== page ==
Tuesday, 14 May 2024 01:19


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Cagayan de Oro City Hall under Mayor Rolando ‘Klarex’ Uy’s administration is ready to negotiate with the city’s real property, businesses and homeowners concerning a proposed increase in real property taxes.
Councilor George Goking, who chairs the ways and means committee of the 20th City Council, gave this assurance at the start of the first of four public hearings on a proposed ordinance prescribing the fair market value of real properties in Cagayan de Oro City for 2025. Last Friday’s public hearing and subsequent hearings are scheduled at the City Council session hall.
In his presentation, City Assessor Atinodoro Asequia said the proposed ordinance will serve as basis for City Hall to impose the revised real property taxes on business owners and real property owners in the city.
The ordinance also includes every building and structure built on the lots based on their classification either as residential, commercial or agricultural.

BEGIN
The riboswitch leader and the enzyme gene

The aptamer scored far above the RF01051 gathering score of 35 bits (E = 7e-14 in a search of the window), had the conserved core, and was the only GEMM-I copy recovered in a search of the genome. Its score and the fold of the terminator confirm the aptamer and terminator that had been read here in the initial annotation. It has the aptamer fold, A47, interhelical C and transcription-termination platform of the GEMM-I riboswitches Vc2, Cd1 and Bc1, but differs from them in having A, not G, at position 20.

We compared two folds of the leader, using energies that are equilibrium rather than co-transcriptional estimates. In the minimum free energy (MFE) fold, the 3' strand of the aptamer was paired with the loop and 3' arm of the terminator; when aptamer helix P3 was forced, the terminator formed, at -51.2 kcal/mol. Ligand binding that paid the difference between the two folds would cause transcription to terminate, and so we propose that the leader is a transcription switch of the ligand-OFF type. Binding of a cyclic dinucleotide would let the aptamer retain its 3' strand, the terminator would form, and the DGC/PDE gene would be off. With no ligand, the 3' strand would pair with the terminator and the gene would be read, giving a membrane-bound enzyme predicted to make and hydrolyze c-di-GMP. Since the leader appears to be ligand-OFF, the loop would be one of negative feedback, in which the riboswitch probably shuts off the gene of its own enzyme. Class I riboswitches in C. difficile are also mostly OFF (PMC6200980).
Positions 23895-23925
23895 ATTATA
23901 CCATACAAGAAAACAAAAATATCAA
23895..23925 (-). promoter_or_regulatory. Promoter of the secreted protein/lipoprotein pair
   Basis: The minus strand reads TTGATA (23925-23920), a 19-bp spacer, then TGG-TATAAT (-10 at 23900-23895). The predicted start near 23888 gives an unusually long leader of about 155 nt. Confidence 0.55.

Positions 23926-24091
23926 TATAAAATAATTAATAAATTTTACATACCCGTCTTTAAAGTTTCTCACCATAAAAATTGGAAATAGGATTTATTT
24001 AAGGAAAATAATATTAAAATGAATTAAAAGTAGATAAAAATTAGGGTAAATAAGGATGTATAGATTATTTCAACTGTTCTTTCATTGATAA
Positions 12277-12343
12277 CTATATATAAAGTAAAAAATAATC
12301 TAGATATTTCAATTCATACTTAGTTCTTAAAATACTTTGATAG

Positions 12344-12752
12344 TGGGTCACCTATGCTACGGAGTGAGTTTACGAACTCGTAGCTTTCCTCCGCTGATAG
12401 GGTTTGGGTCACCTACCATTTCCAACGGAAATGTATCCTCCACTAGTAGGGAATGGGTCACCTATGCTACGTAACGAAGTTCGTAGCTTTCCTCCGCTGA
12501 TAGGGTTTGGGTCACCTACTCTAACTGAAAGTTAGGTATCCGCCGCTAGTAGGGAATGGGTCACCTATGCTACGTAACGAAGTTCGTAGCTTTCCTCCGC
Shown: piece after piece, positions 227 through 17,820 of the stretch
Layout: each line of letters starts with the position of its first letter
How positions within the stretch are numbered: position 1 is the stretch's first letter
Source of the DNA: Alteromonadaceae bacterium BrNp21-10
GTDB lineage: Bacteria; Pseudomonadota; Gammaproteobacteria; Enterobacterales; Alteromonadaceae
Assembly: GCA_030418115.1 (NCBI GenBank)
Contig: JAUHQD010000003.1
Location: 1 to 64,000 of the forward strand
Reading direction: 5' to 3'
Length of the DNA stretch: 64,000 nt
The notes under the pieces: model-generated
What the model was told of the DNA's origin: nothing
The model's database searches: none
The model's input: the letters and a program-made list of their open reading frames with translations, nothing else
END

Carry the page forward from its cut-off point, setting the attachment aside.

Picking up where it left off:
Asequia said based on Republic Act 7160 o Local Government Code, local governments are mandated to revise the fair market value of real properties every three years.
The fair market value will be determined by the Bureau of Internal Revenue (BIR) based on guidelines set by the Bureau of Local Governance Finance (BLGF) under the Department of Finance.
Representatives of the Cagayan de Oro Chamber of Commerce and Industry Foundation Inc. (Oro Chamber) said they will issue a position paper in response to the proposed ordinance.
For his part, City Administrator Roy Hilario Raagas said they will address the needs and concerns of the city’s business community in relation to City Hall’s need to raise additional revenue to fund their services and programs for the people of Cagayan de Oro City.
The next schedule of public hearings to be held Friday afternoons at the City Council session hall will be on May 31, June 7 and June 21. Invited were barangay officials, representatives of the Chamber of Real Estate and Builders Association (CREBA) and developers, homeowners associations and civil society organizations. (Stephen Capillas of City Information Office)